Rain Garden Plants
plant list includes plants that can tolerate temporary
pooling of rainwater as well as dry periods. Most of the
plants are native species and those that are known for
attracting butterflies or hummingbirds are noted. Some
of the native plants included in this list may not be readily
available at all garden centers. Call your local nurseries
and garden centers to find out availability. You can also
contact the Rhode Island Wild Plant Society, www.riwps.org for
more information about native plant sources.
Island Coastal Plant Guide includes plants that are
suitable for rain gardens.
about many of these plants can also be found in the URI
Cooperative Extension Sustainable Tree and Shrub Manual.
* attractive to butterflies and/or hummingbirds
Red Maple, Acer rubrum
Shadblow, Amelanchier arborea
River Birch, Betula nigra
Gray Birch, Betula populifolia
Red-Panicled Dogwood, Cornus racemosa
White Ash, Fraxinus americana
Green Ash, Fraxinus pennsylvanica
Witchhazel, Hammamelis virginiana
Red Cedar, Juniperus virginiana
American Sweetgum, Liquidambar styraciflua
Tupelo, Nyssa sylvatica
American Hop Hornbeam, Ostrya virginiana
Swamp White Oak, Quercus bicolor
Pin Oak, Quercus palustris
Red Oak, Quercus rubra
Shrubs and Vines
Red Chokeberry, Aronia arbutifolia
Black Chokeberry, Aronia melanocarpa
Wild Clematis, Clematis virginiana
Sweet Pepperbush, Clethra alnifolia
Red Twig Dogwood, Cornus sericea
Black Huckleberry, Gaylussacia baccata
Inkberry, Ilex glabra
American Holly, Ilex opaca
Winterberry Holly, Ilex verticillata
Mountain-laurel, Kalmia latifolia
*Northern Spicebush, Lindera benzoin
Trumpet Honeysuckle, Lonicera sempervirens
Northern Bayberry, Myrica pensylvanica
Virginia Creeper, Parthenocissus quinquefolia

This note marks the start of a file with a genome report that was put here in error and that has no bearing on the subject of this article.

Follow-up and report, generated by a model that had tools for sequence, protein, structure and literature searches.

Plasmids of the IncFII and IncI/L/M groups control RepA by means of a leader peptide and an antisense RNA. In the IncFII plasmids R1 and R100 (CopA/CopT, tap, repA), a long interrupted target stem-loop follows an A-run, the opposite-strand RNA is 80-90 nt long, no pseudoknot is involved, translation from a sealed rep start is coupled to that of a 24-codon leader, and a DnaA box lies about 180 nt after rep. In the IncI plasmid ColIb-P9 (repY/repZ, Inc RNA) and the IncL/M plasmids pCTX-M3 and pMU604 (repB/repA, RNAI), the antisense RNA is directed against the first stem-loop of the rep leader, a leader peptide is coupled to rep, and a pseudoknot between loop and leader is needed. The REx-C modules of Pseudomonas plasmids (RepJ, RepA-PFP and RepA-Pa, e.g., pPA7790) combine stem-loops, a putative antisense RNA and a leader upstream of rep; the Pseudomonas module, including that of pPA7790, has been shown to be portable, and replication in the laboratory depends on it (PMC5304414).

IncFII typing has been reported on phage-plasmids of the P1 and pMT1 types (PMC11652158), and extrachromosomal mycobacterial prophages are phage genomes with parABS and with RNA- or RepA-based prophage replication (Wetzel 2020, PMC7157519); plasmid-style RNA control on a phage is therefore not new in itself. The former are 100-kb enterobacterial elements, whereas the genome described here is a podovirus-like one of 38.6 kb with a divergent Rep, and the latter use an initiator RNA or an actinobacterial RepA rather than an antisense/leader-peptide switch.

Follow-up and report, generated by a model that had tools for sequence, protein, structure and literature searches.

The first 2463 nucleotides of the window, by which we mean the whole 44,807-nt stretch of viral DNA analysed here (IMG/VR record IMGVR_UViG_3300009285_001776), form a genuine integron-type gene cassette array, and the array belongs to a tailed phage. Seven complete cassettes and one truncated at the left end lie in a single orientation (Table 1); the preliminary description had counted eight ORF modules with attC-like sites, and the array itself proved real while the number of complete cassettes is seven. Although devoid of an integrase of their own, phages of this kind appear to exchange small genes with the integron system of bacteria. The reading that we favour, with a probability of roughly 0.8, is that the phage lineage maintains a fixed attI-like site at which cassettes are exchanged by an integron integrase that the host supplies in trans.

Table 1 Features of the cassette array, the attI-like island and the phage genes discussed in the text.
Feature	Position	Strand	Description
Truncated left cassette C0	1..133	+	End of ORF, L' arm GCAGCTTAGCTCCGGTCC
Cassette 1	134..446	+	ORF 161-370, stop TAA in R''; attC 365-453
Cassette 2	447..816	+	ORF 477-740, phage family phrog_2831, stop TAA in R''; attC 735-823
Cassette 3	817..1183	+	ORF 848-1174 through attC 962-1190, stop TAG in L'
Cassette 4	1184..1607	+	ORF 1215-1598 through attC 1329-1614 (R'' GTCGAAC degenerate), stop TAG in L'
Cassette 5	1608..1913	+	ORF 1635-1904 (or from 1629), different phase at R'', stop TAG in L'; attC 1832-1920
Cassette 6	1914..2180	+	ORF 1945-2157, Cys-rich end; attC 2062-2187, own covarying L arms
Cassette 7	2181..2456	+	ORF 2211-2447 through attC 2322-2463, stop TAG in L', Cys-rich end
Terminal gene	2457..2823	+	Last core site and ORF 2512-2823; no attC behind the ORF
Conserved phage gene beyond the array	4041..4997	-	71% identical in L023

Rosebud Azalea, Rhododendron periclymenoides
*Great Rhododendron, Rhododendron maximum
Shining Sumac, Rhus copallinum
*Small Pussy-Willow, Salix humilis
Elderberry, Sambucus canadensis
American Arborvitae, Thuja occidentalis
Late Lowbush Blueberry, Vaccinium angustifolium
Highbush Blueberry, Vaccinium corymbosum
Witherod, Viburnum cassinoides
*Northern Arrowwood, Viburnum dentatum
Nannyberry, Viburnum lentago
Perennials and Herbaceous Plants
Northern Maidenhair Fern, Adiantum pedatum
*Jack-in-the-pulpit, Arisaema triphyllum
*Wild Columbine, Aquilegia canadensis
*Bushy Aster, Aster dumosus
*Heath Aster, Aster ericoides
New England Aster, Aster novae-angliae
Dwarf Cornel, Cornus Canadensis
Glade-fern, Deparia acrostichoides
Tufted Hair Grass, Deschampsia cespitosa
Carolina Lovegrass, Eragrostis pectinacea
*Sweet Joe-Pye Weed, Eupatorium purpureum
*Grass-leaved Goldenrod, Euthamia graminifolia and Euthamia
Wintergreen, Gaultheria procumbens
Interrupted Fern, Osmunda claytoniana
Switchgrass, Panicum virgatum
*Torrey’s Mountain Mint, Pycnanthemum verticillatum
*Virginia Mountain Mint, Pycnanthemum virginianum
*Rough Goldenrod, Solidago rugosa
New York Fern, Thelypteris noveboracensis
The information in this list is adapted from the following
Flora of Rhode Island: A List of Native and Naturalized
Plants. Lisa L. Gould, Richard W. Enser, Richard E. Champlin,
and Irene H. Stuckey. Rhode Island Natural History Survey.
Trees and Shrubs. University of Rhode Island
Cooperative Extension Landscape Horticulture Program. GreenShare.
Third Edition, 1999.
Design Suggestions. University of Connecticut. Middlesex
County Cooperative Extension Center. 2002.
rain garden at the North Kingstown
View our brochure about the garden.
to plan, install, maintain - additional resources